Then one of my colleagues brought the case of one of my other learners, who is apparently being abused at home. She’s an orphan living with her aunt, who pretty much treats her like a servant. Last week she went to the public library, and when she got home her aunt was convinced she had been out with a boy and beat her senseless. She came to school with a bruised and swollen face, accompanied by sudden outbursts of crying, which the teachers obviously noticed. We know, but apparently there’s not a “Child Services” sort of deal here. The teachers are concerned about taking it to the police because her parents are dead, and if her aunt turns her out she may be worse off than before. I don’t even understand how anyone could think this girl has a mean bone in her body—she is soft spoken, kind, and always trying to do whatever she can to help. Of course I’m not in favor of anyone beating anyone, but I’m particularly not a fan of people beating innocent, kind hearted little girls.

I feel like, so often, I’m missing a lot of what happens. I notice when learners are acting strange or seem malnourished, but I don’t have the language ability to get the full story from them. I forget if I ever wrote about this, but there was an issue last term when one of my best learners stopped coming to school for almost a month because he “didn’t have a uniform to wear.” This didn’t make sense, because the orphans or vulnerable children that can’t afford uniforms are allowed to come in anything, yet every time I asked someone about it, the same story about the uniform came up. I still don’t know what happened, although I did eventually learn he was an orphan who had been chased from the home he was living in, but the details are a mystery.

The same is true of the latest drama at my school, which involves the school tour. For those of you that are in touch with my parents, they may have mentioned the day they came to visit the village and how the learners sat outside of the school for nearly 7 hours before the teachers showed up to take them on their field trip. This actually was not uncommon and is that “African time” that so often bungles our plans here, but what transpired after they left was another story. First of all, because the teachers showed up so late, they had to skip going to Etosha and headed straight for the coast. Then Mr. Hasheela (the principal, who should be…you know… principled and a strong role model, right?) and Meme Justy (a teacher who planned the tour) apparently had different views on what should happen. Meme Justy was following the itinerary, but Mr. Hasheela had different plans. He wanted to head off to other towns, which was impossible because they didn’t have enough gas to get there (petrol stations are few and far between here, and often not functional, as my parents can also tell you!). This was apparently unacceptable to my principal, who actually choked the driver and started mouthing off about his tribe (the driver was Himba), and then turned on Meme Justy and began blaming her for the non-functional petrol stations. Then he began screaming that HE WAS THE BOSS, THE ONLY BOSS, and IF HE SAID DRIVE THEN THEY WOULD DRIVE. At this point all of the kids on the bus were apparently bawling and the drama continued over the duration of the three days. Meme Justy then came back and told some people what happened, which my principal then chastised her for and accused her of spreading rumors and instigating trouble. Then the parents started coming. The parents came because the kids told them what happened, but Mr. Hasheela decided that Meme Justy was his scapegoat and then the fun began. He asked me to type a warning letter (because most of the time he treats me as a 2-in-1 teacher/personal secretary combo, despite the fact that he ALREADY HAS A SECRETARY), which she received, made copies off, and posted all over the school. Then it all hit the fan. It came out that I typed it (so of course Meme Justy is giving me the cold shoulder), the parents found out that the drama was still unfolding, and they began threatening to BOYCOTT AND PICKET THE SCHOOL.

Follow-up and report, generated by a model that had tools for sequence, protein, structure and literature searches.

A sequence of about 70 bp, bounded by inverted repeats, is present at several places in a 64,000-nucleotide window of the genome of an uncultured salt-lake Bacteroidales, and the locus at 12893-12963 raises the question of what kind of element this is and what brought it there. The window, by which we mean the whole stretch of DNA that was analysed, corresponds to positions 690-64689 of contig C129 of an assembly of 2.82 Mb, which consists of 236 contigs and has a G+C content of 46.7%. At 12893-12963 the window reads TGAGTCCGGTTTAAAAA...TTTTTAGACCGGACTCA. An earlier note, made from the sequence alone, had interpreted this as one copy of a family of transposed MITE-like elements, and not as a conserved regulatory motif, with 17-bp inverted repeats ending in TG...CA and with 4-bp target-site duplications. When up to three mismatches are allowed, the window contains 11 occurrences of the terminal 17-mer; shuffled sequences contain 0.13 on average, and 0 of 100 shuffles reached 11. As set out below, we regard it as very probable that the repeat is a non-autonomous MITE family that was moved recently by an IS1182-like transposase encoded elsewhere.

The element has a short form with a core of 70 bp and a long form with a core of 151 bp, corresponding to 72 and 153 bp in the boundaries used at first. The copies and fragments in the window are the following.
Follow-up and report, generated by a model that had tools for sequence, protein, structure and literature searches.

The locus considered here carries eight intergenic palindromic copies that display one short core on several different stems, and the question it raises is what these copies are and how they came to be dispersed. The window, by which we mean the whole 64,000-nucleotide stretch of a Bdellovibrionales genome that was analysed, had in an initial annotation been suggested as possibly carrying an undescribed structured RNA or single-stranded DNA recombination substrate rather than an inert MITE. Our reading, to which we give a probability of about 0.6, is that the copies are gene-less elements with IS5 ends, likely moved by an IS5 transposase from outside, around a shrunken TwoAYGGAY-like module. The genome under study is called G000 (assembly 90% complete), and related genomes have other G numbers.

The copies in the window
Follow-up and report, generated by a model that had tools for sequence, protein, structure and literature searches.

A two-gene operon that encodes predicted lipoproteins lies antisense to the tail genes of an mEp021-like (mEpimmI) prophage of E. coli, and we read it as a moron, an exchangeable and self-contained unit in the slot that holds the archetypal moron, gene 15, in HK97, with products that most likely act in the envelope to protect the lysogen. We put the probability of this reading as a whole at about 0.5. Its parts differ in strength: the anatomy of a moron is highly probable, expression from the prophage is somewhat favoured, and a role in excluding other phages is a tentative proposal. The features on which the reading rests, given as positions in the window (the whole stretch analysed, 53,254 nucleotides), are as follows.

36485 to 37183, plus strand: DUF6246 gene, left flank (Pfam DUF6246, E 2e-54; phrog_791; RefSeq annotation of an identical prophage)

Today there is an emergency school board meeting, which will be in Oshiwambo, not to mention all the recent arguments and juicy conversations that have also been in Oshiwambo, so I’m a bit out of the loop. Assuming I somehow get into the loop regarding what happens today, I’ll be sure to let you know.